Twitter Users are Unable to Like, Retweet or Reply to Substack links
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Late Friday night, when people tried to respond to tweets with Substack links, they saw something strange. Not only could they not comment on tweets with Substack links, but they also couldn’t like or retweet linked articles on the platform.
Substack users also said that while they could still share links on the platform, which is now owned by Elon Musk, they couldn’t comment on their own tweets to make a Twitter thread.
So far as we know, Twitter has blocked links from the online publishing platform Substack that are embedded on its platform. The company has also cut back on how tweets with links to Substack posts can be promoted and seen. As we’ve already said, users can still put links to Substack in their tweets, but that’s about it as far as interaction and exposure go.
Susbtack told the person what was going on by saying that it was looking into the situation. “We’re looking into reports that Substack no longer works with Twitter embeds and authentication. “We are working hard to find a solution and will let you know as soon as we know more,” the company said in a statement.
On the other hand, its founders, Chris Best, Jairaj Sethi, and Hamish McKenzie, put out a statement criticizing Twitter’s move. “Twitter has started blocking links to Substack. We hope that this was done by mistake and is only for a short time. Writers should be able to share links to Substack or anywhere else they want… “If writers and creators don’t own their relationships with their audiences, they aren’t in charge,” they said in a statement.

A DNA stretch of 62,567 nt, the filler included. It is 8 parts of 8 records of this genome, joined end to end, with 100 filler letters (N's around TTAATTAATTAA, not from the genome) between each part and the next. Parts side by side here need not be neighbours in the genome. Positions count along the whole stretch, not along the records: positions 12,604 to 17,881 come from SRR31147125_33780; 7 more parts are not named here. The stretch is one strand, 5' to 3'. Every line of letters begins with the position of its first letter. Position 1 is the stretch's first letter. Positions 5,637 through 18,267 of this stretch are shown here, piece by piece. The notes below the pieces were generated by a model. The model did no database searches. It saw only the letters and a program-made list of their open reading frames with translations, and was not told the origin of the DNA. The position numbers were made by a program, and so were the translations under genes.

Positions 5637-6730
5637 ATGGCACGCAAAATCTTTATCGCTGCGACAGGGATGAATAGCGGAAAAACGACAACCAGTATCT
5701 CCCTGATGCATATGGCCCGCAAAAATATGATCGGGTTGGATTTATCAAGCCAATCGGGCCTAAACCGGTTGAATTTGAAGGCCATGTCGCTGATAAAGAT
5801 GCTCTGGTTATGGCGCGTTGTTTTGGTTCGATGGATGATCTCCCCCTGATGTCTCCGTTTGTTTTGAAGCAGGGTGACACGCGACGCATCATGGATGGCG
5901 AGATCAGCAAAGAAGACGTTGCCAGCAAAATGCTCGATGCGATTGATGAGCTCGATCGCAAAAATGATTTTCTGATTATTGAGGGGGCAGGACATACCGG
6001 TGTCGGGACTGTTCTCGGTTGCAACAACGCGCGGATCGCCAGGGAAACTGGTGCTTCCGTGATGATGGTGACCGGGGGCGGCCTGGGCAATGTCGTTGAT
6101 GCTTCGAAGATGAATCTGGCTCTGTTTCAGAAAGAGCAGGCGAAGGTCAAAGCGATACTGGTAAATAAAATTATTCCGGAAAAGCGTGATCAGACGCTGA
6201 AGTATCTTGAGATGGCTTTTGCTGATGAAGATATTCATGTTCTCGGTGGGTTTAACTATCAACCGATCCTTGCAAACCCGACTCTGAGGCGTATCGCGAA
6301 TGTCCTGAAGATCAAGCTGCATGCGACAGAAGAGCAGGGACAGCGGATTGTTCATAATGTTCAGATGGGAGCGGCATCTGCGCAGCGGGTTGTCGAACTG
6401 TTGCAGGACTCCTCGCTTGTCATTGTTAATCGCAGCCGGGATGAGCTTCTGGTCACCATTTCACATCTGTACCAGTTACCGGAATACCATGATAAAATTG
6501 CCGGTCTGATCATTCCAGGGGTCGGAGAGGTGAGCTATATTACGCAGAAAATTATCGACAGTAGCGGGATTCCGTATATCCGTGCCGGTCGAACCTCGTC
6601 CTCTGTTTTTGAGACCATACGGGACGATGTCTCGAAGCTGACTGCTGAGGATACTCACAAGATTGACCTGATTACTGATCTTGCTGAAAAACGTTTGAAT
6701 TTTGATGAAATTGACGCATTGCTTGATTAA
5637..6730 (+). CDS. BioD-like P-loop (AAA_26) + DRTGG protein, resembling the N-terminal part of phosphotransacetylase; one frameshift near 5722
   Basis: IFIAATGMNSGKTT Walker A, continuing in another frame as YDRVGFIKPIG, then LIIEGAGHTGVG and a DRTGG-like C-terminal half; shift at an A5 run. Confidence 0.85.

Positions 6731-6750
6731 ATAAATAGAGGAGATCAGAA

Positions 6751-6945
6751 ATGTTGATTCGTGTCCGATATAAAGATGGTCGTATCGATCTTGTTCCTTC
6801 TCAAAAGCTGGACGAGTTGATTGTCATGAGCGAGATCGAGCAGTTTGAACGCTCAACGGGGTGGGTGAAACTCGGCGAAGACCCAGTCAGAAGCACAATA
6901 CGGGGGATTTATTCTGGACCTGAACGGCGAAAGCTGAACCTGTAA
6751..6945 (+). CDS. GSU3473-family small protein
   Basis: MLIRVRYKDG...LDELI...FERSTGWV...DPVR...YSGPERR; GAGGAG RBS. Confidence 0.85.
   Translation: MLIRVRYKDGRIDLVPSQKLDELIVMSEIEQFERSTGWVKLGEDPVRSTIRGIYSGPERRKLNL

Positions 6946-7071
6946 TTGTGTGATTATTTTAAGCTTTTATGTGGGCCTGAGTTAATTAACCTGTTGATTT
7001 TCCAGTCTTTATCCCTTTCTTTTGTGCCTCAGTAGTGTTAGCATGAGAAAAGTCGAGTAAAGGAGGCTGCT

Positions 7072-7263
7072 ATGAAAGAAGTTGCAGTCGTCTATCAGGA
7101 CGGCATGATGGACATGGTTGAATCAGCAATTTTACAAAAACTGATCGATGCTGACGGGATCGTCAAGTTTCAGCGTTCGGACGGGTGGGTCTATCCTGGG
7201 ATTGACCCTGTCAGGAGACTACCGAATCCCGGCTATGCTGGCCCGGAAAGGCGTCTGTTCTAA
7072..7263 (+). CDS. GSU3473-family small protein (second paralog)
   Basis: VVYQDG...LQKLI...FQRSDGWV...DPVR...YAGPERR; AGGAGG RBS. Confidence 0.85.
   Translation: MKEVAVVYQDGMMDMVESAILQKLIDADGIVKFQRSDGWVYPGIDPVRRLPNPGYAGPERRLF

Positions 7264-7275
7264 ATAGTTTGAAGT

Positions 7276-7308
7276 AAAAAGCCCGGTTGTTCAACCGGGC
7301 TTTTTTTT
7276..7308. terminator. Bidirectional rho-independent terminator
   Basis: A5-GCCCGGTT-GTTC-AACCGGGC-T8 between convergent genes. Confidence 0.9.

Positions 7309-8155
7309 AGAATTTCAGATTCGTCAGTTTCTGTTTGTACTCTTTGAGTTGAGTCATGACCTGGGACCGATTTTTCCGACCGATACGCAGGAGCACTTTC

This writer- and reader-first model represents the future of the internet.
While incumbents may take actions to stymie this shift, we’ll be working hard to ensure that writers and creators get only more ownership and control of their futures. https://t.co/P8xl9ideKv
— Substack (@SubstackInc) April 7, 2023
Twitter, though, hasn’t yet made a statement about the situation.
Why has Twitter Restricted Substack on its Platform?
It isn’t difficult to assume that the discontent stems from the publishing platform creating its own Notes function, which is very similar to Twitter’s own Notes feature, even if Twitter hasn’t explicitly stated whether the entire incident was an error or a planned action. “Writers will be able to upload brief content on Notes and exchange ideas with one another and their readers… The business had stated in its announcement of the function that notes would enable users to recommend nearly anything, including posts, quotes, comments, photographs, and links. Hence, preventing engagement on Substack links might be Twitter’s strategy for fending off rivals.
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